Janet Yellen, the U.S. Treasury Secretary, is planning to appoint a climate czar at the department who will be responsible for determining the effects of climate change on financial markets and promoting the necessary tax incentives to boost the use of renewable energy.
The leading candidate for the post is Sarah Bloom Raskin. She used to be the deputy Treasury Secretary during the Obama administration and is also a former Federal Reserve Board member.
Sarah is the wife of Democrat Jamie Raskin, who was a chief prosecutor during the Trump impeachment trial. At present, she is employed at the Duke University School of Law as a visiting professor, where she teaches how climate change impacts financial markets. Last year, an advocacy group called Ceres had published a report that recommended actions to be taken to protect the American economy from the negative fallout of climate change. Sarah was a key contributor to the report. She also encouraged the Fed to make use of climate stress testing.
Yellen’s focus on climate change is something that everyone has expected ever since her nomination. During the Senate confirmation hearing, she had made it clear that her primary focus at the Treasury will be to advance Biden’s climate agenda. Yellen had also indicated that she would support using the tax code to encourage individuals and businesses to adopt climate-friendly policies.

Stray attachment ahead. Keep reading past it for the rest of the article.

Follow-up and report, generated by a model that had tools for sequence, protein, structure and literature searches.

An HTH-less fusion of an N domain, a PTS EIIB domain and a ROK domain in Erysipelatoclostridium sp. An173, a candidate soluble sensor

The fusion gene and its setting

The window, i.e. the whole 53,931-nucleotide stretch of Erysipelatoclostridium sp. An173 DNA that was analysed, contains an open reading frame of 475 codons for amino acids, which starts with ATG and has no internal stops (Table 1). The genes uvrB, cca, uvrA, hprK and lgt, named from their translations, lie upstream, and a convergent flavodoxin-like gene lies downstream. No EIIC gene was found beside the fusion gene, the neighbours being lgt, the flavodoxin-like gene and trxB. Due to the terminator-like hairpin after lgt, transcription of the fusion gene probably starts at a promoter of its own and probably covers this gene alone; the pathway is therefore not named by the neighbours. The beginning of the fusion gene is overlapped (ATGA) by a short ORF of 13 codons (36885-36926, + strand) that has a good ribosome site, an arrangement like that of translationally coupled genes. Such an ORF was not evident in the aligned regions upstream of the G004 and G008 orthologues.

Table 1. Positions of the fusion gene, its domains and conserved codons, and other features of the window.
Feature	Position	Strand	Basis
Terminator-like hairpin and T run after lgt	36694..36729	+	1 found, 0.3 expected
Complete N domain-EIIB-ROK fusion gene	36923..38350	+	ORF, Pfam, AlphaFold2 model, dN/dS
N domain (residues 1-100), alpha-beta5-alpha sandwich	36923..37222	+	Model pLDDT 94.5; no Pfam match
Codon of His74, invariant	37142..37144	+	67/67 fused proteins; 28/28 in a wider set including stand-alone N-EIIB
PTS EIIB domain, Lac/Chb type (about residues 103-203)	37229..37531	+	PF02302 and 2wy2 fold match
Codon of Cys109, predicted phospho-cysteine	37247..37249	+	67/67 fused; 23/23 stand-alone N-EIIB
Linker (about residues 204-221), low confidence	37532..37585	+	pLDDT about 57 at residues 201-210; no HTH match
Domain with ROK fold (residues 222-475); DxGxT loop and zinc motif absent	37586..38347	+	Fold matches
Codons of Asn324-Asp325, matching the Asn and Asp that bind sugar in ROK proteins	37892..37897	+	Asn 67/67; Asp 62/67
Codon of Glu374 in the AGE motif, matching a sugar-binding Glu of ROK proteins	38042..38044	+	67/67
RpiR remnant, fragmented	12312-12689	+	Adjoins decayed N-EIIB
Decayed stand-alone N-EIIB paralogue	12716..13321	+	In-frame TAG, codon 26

Green rules for banks
“Climate change is an existential threat to not only our environment but also our economy. President Biden has released a detailed plan to combat climate change… I will support him in implementing that plan at the Treasury. I believe we must seriously look at assessing the risks to the financial system from climate change. It will be an issue regulators will also have to think more about in the years ahead, and we need to ensure that we have appropriate processes and regulations necessary to assess and mitigate this risk,” Yellen had said in the statement.
Yellen is also expected to make it mandatory for banks and other financial institutions to conduct their climate stress tests and possibly require them to hold more capital to mitigate a higher potential risk. She might also impose portfolio limits on the financing of fossil fuels. Many Republicans are concerned about this issue and fear that additional regulations might discourage banks against carrying out business with fossil fuel firms.
In December, 47 congressional Republicans sent a letter to Jerome Powell, Chairman of the Federal Reserve. It raised concerns that the central bank might start using climate change scenarios in its stress tests on other banks, thus encouraging ‘de-banking’ of industries like oil, gas, and coal.
Biden administration’s climate push comes as a recent study by scientist Dr. Indur Goklany dismisses the claims of climate emergency.
He points out that though the climate may have become warner, extreme weather phenomena have not become more extreme, rising carbon dioxide levels have not minimized human wellbeing, and that carbon emissions have reversed the trend of habitat loss.
“Almost everywhere you look, climate change is having only small, and often benign, impacts. The impact of extreme weather events ― hurricanes, tornadoes, floods, and droughts ― are, if anything, declining. Economic damages have declined as a fraction of global GDP. Death rates from such events have declined by 99 percent since the 1920s the climate-related disease has collapsed. And more people die from cold than warm temperatures,” he said in a statement.